Archive for September 30th, 2014

September 30, 2014

Bayesian Probability

bayes by Shannon May

Bayesian [bey-zee-uhnprobability is the likelihood that something will happen based on all available evidence. The more commonly understood concept of frequency probability is the chance that something will happen based only on past occurrences. Rather than interpreting probability as merely the propensity of some phenomenon, Bayesian probability is a quantity assigned for the purpose of representing a state of knowledge, or a state of belief. This allows the application of probability to all sorts of propositions rather than just ones that come with a reference class (historical data).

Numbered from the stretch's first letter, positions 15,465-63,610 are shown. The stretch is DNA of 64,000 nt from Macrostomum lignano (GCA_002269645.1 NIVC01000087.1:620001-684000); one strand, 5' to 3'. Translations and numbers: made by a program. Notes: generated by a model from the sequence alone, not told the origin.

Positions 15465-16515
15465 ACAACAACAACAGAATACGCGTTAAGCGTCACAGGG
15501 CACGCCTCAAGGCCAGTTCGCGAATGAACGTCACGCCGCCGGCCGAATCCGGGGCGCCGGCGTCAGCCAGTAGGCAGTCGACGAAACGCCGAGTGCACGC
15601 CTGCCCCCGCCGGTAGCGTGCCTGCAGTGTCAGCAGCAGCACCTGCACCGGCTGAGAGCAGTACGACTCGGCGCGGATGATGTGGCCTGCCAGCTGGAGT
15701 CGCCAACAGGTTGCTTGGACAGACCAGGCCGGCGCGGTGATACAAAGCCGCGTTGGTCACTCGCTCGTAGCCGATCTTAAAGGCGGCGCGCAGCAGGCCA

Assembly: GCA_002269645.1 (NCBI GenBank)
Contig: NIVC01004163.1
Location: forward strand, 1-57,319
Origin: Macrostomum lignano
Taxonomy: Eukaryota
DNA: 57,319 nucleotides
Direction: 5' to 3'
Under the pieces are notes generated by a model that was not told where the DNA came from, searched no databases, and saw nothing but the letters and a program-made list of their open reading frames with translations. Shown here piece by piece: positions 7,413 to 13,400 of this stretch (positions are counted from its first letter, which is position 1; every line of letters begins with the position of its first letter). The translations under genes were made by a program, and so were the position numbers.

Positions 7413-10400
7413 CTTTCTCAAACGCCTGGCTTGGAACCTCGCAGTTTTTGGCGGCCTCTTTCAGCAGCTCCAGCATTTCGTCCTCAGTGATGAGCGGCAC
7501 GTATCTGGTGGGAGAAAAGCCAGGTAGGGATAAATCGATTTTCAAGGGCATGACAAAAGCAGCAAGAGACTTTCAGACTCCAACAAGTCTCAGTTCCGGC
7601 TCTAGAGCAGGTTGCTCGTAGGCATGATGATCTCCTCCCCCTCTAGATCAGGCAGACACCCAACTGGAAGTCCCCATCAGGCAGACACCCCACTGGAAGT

‘Prior probability’ is information about a hypothesis known before the experiment is undertaken (e.g. a flipped coin has a 50% chance of landing on heads), information learned afterwards is called ‘Posterior probability’ (e.g. if a coin lands on heads many times in a row it is probably improperly weighted). The term ‘Bayesian’ refers to 18th century mathematician and theologian Thomas Bayes, who summarized the theory thusly: ‘The probability of any event is the ratio between the value at which an expectation depending on the happening of the event ought to be computed, and the value of the thing expected upon its happening.’ (i.e. Likelihood equals Prior probability over Posterior probability.)

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